Articulation of a Mosaic: The Western PA German Day Competition at Washington & Jefferson College

Cathy Altmeyer on May 26th, 2011    

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Each spring, the relatively small campus of Washington & Jefferson College is host to nearly 500 middle and high students, there for the day to compete in academic competitions in German. The campus of 1500, smaller than many area high schools, is noticeably busier, louder, and best of all more lively on this date each year. Although such a complex event can be a daunting task, the benefits to the German program, the college, and the community allow programs to showcase the importance of German, sustain momentum, and articulate the connection between high school language programs and college preparation.  This essay will focus on three areas of benefit for holding such a large scale event: giving back to the community, public relations for secondary and post-secondary German programs, and providing connections to the relevance for serious study of the German speaking world.

Community

Town-gown relations continue to be a priority on many campuses in the U.S. The fact that the campus serves as an academic center to the community should not be forgotten and should be exploited whenever possible. Using the campus for community related academic events is a great way to bring large numbers of people to campus and expose them to the academic culture of the university. Therefore, it is in both a community service and a service to the institution when the campus donates its space and facilities to host such events. It is also one of the main factors that makes holding a large event like this financially possible. Annually, Washington & Jefferson College provides the space and supporting personnel free of charge to the area’s educational community. The college works with facilities management, the dining service, security, the Theatre program, and the modern languages department to leverage the existing personnel necessary to make such an event happen.  Students volunteer their time in preparation and the good will of the campus to have hundreds of students roaming the grounds for the day are fundamental aspects to hosting such an event.


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Connecting High School to College: New Directions for Advanced Placement® (AP®) German

Keith Cothrun on October 24th, 2010    

(CC Licensed Photo by Anna Z.)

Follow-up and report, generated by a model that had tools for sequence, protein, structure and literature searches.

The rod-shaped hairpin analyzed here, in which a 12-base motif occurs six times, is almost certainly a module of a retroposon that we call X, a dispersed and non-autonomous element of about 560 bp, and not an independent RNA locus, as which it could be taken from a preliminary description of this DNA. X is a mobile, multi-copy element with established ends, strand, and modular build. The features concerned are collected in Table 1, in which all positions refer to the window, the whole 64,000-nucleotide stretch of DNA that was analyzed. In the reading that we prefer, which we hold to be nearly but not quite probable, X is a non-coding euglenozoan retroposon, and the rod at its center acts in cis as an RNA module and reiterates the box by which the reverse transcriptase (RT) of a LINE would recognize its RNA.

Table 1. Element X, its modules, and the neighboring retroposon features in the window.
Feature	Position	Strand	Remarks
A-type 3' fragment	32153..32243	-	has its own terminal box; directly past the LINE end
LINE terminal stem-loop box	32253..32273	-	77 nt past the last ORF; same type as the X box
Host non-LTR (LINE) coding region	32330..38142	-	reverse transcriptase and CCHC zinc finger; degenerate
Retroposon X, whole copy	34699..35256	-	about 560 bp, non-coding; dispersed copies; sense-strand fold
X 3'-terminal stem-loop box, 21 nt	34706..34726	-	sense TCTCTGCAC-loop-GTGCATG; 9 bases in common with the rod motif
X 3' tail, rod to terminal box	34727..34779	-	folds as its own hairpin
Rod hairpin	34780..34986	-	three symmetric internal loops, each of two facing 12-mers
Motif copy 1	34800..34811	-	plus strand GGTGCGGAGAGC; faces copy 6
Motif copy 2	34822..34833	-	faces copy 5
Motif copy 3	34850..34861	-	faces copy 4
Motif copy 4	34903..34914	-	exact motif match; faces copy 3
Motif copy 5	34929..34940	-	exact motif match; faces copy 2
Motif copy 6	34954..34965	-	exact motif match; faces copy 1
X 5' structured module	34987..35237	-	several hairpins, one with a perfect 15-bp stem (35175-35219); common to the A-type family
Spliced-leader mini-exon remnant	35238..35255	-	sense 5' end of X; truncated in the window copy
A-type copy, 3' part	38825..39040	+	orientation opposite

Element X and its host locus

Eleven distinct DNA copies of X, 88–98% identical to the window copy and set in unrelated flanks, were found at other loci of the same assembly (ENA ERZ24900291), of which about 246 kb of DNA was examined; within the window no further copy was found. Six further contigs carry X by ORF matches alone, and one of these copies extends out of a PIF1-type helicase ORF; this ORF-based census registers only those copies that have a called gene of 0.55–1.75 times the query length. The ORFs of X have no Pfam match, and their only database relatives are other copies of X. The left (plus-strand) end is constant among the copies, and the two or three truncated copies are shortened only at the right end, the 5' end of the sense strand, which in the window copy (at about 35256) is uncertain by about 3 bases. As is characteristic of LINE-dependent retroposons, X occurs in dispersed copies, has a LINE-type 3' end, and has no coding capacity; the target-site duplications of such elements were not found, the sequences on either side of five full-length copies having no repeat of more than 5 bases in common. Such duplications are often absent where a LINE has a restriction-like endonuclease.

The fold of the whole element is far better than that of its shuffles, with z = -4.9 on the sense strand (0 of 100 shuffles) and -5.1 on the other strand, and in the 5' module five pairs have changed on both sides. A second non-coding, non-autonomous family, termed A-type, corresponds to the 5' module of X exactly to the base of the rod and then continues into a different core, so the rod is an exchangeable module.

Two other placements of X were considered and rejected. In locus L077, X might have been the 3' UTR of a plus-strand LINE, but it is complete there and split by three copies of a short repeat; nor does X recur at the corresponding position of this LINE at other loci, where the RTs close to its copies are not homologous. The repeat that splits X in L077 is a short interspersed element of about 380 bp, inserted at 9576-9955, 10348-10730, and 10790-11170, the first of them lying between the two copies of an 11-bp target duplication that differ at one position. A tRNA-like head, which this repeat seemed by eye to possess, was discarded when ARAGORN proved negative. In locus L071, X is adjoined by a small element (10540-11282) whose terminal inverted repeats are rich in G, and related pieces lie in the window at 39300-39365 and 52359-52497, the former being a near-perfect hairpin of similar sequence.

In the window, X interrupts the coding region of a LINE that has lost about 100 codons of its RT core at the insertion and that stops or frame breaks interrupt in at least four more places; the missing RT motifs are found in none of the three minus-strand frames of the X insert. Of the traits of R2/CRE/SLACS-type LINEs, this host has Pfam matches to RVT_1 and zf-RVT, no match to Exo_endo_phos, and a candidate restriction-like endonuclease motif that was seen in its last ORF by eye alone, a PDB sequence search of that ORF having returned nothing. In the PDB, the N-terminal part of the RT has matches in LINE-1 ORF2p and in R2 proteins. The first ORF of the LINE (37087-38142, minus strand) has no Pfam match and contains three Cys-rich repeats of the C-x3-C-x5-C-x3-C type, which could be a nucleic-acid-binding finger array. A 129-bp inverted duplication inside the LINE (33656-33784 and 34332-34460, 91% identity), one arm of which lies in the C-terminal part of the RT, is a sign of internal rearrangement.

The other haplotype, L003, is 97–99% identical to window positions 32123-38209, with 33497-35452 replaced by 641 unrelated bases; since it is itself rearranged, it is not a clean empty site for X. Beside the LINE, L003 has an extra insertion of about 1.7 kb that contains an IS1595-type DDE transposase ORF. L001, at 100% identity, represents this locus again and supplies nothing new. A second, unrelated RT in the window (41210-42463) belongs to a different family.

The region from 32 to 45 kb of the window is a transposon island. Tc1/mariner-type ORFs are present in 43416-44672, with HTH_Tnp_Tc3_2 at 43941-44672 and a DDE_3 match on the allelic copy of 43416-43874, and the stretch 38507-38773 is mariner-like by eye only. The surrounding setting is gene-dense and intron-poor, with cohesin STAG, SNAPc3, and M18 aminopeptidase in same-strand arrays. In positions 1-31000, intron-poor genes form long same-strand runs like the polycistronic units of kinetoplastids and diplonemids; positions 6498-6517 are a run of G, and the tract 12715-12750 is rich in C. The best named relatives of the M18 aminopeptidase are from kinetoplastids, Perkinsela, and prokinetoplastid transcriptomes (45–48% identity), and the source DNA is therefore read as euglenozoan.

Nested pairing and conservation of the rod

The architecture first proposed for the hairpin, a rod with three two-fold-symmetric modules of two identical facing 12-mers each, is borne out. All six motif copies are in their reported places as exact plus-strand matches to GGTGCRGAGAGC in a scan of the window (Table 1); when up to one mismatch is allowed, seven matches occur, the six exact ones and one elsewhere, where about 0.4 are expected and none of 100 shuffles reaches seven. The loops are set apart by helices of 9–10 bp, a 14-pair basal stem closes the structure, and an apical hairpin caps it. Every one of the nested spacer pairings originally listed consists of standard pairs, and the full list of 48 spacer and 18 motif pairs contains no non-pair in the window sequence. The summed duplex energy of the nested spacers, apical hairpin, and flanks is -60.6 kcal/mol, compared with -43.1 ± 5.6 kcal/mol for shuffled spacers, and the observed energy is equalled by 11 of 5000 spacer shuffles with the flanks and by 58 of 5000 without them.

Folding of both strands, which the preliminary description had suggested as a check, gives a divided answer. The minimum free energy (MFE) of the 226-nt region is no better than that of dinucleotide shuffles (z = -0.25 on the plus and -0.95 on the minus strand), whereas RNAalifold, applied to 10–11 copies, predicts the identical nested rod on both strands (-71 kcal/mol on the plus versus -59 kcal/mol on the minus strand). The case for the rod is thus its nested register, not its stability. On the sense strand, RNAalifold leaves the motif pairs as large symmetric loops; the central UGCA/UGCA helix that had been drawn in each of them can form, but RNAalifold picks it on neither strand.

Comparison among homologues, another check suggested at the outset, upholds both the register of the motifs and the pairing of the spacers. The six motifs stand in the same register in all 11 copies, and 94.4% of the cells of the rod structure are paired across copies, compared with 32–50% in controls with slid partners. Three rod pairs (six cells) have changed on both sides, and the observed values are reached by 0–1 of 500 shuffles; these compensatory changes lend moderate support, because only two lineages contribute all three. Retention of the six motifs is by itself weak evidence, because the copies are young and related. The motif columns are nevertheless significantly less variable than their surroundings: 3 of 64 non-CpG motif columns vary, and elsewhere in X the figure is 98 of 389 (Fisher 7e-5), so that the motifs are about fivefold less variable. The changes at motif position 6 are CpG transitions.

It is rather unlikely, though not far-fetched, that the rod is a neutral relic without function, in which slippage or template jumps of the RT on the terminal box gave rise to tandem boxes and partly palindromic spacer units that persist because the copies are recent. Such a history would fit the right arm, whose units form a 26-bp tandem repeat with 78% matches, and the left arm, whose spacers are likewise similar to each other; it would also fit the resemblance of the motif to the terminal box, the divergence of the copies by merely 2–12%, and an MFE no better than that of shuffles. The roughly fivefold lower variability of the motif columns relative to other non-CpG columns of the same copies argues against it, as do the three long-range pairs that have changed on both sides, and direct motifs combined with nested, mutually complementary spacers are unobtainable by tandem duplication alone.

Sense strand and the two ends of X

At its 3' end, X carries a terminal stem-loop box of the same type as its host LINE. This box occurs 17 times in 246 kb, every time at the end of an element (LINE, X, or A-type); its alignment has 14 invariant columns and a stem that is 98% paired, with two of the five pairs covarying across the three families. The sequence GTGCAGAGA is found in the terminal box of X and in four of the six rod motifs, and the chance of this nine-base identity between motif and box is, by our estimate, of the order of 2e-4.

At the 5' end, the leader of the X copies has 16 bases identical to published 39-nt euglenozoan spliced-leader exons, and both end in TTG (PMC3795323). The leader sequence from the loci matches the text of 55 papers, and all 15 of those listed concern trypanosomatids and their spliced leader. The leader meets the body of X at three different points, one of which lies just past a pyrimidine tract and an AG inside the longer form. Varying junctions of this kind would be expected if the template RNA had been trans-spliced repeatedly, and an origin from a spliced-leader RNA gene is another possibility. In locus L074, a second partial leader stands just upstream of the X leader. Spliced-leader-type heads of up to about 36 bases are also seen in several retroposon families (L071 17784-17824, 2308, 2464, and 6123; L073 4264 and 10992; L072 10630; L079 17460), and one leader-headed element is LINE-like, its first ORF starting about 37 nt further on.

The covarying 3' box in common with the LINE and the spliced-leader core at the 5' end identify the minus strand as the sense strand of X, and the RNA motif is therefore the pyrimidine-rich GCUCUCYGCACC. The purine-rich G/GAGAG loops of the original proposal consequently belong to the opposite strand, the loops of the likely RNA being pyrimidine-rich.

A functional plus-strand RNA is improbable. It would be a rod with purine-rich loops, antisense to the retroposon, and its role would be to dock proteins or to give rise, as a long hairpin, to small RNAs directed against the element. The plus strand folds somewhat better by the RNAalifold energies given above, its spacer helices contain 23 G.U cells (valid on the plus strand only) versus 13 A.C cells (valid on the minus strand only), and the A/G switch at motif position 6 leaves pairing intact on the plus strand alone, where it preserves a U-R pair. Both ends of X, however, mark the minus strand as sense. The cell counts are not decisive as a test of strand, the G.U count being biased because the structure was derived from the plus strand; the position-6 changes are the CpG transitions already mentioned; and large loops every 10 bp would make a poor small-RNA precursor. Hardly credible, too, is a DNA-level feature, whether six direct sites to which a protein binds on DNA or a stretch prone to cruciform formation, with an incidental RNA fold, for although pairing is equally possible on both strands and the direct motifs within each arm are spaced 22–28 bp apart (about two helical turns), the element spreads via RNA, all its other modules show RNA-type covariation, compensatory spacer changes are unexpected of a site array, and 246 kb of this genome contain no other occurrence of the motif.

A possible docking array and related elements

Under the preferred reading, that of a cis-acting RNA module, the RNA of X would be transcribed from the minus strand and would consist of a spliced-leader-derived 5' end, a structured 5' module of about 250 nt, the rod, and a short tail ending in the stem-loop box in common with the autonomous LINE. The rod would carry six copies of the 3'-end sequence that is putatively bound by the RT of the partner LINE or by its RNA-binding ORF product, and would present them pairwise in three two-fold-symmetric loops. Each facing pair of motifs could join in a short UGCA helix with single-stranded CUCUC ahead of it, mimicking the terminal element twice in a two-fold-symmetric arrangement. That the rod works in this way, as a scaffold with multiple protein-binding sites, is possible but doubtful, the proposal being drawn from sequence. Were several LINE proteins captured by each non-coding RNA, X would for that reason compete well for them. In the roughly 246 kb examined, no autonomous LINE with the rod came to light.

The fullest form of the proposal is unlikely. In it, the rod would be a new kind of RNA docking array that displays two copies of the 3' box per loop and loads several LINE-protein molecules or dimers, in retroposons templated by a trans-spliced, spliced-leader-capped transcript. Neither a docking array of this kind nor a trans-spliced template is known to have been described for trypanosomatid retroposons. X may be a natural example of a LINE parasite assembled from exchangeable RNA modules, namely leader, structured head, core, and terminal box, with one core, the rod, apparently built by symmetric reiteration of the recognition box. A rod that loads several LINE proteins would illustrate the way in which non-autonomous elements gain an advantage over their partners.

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The Current State

Courses in Advanced Placement (AP) German Language are intended to provide students with a learning experience equivalent to that of a third-year college course in German language with instructional materials, activities, assignments, and assessments that are appropriate to this level. In 2010, 935 secondary schools in the United States and 21 schools abroad have AP German courses authorized by the College Board, a not-for-profit membership association whose mission is to connect students to college success and opportunity. The AP German Language Exam was administered in May 2010 to 5,389 students, an increase of 8% over 2009.

Figure 1 The number of AP German Exams has increased 30.9% during the past decade.



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Between Quantity and Quality: High Schools and the Iowa State University German Program

Kevin S. Amidon, Kris T. Vander Lugt on January 8th, 2009    

By Kevin S. Amidon and Kris T. Vander Lugt

While anecdotal evidence has accumulated that high school German programs have suffered over the past twenty years and that this has had an impact on post-secondary German programs, little substantive qualitative or quantitative data supports these claims. The authors, who teach at Iowa State University, therefore designed and carried out a survey of their first-, second-, and third-year students to explore high school articulation with their program. Results suggest that strong high school German programs remain important as feeders for their program, but that it is possible to motivate students who have not had high school German to take on a major or minor in German. German is also primarily a secondary credential for their students, who generally have professional primary fields (especially Engineering and Business). Conclusions for recruitment, retention and outreach are further drawn.

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College in the Schools: Connecting the University of Minnesota and High Schools

Virginia Steinhagen on January 8th, 2009    

By Virginia Steinhagen

The University of Minnesota’s College in the Schools (CIS) German program is a concurrent program currently in its nineteenth year. The CIS program is accredited through the National Alliance of Concurrent Enrollment Partnerships. CIS offers high school teachers the opportunity to teach the U of M’s second year German curriculum in their high schools. It has grown from two schools in 1989 to 28 schools and more than 400 students in 2008.
The design of the program, with shared curriculum, on-campus workshops, and classroom observations helps to ensure consistency in teaching between the high school classes and the on-campus classes. The high school teachers’ willingness to share ideas, to mentor new colleagues and to help plan on-campus field days, helps strengthen the program and the connections between the University of Minnesota German program and Minnesota high school German programs.

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